Belinelli isn't in the NBA due to his defensive abilities, as his production on offense is what he's known for. Considering that it was Utah's big men that hurt the Bulls, it's hard the blame Chicago's guards defensively. 

    Over the course of the game, the Belinelli and Carlos Boozer pick-and-roll was effective. The Bulls started to rely on that play more and more in the fourth quarter, as the Jazz struggled to defend it. 

    In terms of memorable Belinelli plays, one play comes to mind. The Italian hit a clutch three-pointer to give the Bulls a one-point lead with 5.9 seconds left in regulation. The bucket turned out to be the winning score, which makes Belinelli the hero. 

    By the time it was all said and done, Belinelli had compiled 22 points on 50 percent shooting from the field. 

    Final Grade: A-

Small Forward: C+

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    Luol Deng 

    Luol Deng did not have a remarkable game, as he turned in a gritty defensive performance against the Utah Jazz. 

    On the night, Deng contributed 12 points, six rebounds and two steals on 33 percent shooting from the floor. This obviously wasn't one of Deng's more memorable nights statistically, but he fought hard the entire time he was on the court. 

    The Duke product is the perfect representation of Tom Thibodeau's style, as getting the job done is all that matter to Deng. If that means playing good defense and being opportunistic, that's exactly what he is willing to do if it means helping the Bulls win basketball games. 

    In terms of setting the proper example, few players are better than Deng. On a night when his shots weren't falling, the Bulls starting small forward continued to work hard in other areas, which in turn contributed to Chicago's victory.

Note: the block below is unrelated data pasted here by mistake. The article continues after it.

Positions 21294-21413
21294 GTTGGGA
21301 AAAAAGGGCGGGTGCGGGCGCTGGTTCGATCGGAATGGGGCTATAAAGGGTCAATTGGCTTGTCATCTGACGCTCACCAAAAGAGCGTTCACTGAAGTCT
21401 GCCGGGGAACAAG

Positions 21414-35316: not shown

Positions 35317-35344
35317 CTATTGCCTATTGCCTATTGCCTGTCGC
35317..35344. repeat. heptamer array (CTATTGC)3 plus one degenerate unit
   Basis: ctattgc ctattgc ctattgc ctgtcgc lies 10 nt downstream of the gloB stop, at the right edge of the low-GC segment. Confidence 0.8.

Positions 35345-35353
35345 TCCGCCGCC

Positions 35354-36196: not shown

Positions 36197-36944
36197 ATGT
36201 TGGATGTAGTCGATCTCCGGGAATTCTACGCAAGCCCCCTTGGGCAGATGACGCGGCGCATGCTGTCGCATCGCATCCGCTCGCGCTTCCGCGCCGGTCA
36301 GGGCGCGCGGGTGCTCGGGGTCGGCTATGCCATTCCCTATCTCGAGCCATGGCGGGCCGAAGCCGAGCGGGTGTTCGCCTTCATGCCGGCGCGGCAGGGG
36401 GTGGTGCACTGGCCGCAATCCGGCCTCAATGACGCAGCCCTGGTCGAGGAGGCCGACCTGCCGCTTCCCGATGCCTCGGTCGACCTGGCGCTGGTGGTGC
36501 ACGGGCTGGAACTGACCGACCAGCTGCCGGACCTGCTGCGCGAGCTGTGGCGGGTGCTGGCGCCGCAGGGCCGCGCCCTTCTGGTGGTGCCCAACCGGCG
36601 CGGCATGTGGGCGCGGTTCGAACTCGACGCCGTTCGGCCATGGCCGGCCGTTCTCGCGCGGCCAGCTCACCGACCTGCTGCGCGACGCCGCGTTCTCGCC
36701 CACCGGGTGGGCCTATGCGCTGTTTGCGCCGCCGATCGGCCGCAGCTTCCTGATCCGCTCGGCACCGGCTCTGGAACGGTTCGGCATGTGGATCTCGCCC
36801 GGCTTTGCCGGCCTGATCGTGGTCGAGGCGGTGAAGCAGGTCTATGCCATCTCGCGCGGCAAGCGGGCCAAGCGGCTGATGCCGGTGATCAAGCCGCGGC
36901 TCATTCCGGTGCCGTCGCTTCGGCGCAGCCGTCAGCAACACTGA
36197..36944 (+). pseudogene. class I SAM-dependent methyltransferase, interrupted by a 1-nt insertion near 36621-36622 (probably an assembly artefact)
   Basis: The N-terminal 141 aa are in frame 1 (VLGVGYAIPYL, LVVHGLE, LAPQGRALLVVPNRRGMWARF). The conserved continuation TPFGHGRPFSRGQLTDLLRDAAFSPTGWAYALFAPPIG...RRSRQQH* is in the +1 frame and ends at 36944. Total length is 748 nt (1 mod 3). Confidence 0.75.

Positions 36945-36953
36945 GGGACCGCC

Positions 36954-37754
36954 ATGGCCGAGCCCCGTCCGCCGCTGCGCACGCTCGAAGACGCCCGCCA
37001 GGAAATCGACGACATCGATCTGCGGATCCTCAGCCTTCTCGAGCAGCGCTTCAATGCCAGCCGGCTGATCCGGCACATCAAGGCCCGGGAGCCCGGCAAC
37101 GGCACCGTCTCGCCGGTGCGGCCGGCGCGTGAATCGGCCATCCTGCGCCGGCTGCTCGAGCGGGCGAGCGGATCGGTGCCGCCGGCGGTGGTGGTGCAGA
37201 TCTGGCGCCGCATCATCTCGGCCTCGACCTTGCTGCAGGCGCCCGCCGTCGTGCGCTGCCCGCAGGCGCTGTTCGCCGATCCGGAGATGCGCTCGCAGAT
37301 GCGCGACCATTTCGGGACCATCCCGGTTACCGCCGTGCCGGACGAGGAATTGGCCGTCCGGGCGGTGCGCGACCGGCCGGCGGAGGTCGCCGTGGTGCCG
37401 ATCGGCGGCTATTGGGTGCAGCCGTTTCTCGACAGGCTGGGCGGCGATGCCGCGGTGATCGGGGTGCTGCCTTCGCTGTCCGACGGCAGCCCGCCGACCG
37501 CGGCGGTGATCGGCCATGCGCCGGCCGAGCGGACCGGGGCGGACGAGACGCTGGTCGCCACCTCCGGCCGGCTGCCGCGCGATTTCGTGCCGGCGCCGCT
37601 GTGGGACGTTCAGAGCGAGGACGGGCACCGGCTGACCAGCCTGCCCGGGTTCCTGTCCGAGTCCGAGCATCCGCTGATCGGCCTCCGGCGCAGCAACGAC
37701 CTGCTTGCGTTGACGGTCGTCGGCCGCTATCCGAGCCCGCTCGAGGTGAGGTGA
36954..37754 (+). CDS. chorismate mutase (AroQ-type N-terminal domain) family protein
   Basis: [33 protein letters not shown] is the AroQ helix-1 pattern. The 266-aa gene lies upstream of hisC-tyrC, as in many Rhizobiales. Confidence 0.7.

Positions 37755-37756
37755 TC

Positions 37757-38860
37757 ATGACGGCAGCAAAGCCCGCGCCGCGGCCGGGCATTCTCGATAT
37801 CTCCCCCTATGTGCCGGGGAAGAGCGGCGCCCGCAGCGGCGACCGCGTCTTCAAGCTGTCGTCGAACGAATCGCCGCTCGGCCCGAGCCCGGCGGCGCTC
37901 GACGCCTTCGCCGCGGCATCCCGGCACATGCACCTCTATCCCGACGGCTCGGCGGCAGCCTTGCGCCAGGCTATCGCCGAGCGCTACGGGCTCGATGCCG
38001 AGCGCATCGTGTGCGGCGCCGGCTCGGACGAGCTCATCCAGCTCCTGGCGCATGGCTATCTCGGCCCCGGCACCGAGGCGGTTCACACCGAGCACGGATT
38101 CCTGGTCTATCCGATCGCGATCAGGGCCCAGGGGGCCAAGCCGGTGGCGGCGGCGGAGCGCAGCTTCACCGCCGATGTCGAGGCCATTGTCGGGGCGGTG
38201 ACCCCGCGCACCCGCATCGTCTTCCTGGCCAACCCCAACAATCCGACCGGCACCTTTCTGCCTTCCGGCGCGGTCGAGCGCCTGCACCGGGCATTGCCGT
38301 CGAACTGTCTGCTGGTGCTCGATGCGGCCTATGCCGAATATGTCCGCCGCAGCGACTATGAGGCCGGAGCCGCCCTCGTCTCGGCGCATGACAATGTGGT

With two steals, Deng led the game in takeaways and was the only Bulls player to compile a block. 

    Deng shut down Utah's wing players, which should still count for something even if the Jazz are weak in that area. 

    Final Grade: C+

Power Forward: B+

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    Carlos Boozer 

    Carlos Boozer was the Chicago Bulls' first option offensively against the Utah Jazz, and the 10-year veteran played well. 

    The Duke product finished the game with 22 points and 10 rebounds while shooting 45 percent from the field. 

    With Richard Hamilton and Kirk Hinrich missing the contest, the Bulls needed Boozer to thrive offensively. He got off to a good start, as Boozer led the game in scoring at halftime with 14 points.

    For all the grief Boozer has been given in regard to being overpaid, he has performed well this season. Amongst Bulls, only Joakim Noah and Nate Robinson have posted higher PER's than Boozer this season.

    In terms of jump shooting, Boozer is still one of the NBA's most talented big men. Since the Bulls struggle to create offense in half-court sets, Boozer's ability to space the floor at the power forward position is crucial. 

    Say what you want about Boozer, but he's still a viable option when running the pick-and-roll. The Bulls offense was at its best when Marco Belinelli and Boozer ran the pick-and-roll, which was also the case the last time the Bulls and Jazz faced off. 

    Final Grade: B+

Center: C-

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    Joakim Noah 

    Entering Friday night's game, Noah had been on quite a tear on the defensive end. Over the past 10 days, the Florida product averaged an amazing 4.8 blocks per game. 

    Noah drew a tough assignment Friday night, as Utah Jazz center Al Jefferson is one of the league's best centers. The last time the Chicago Bulls and Jazz faced off, Jefferson exploded for 32 points, but Noah had the last laugh as the Bulls won the game. 

    In their second matchup of the season, Jefferson did not hesitate to attack Noah inside. On most occasions, Jefferson came out the victor, as Noah doesn't match up well against Utah's center.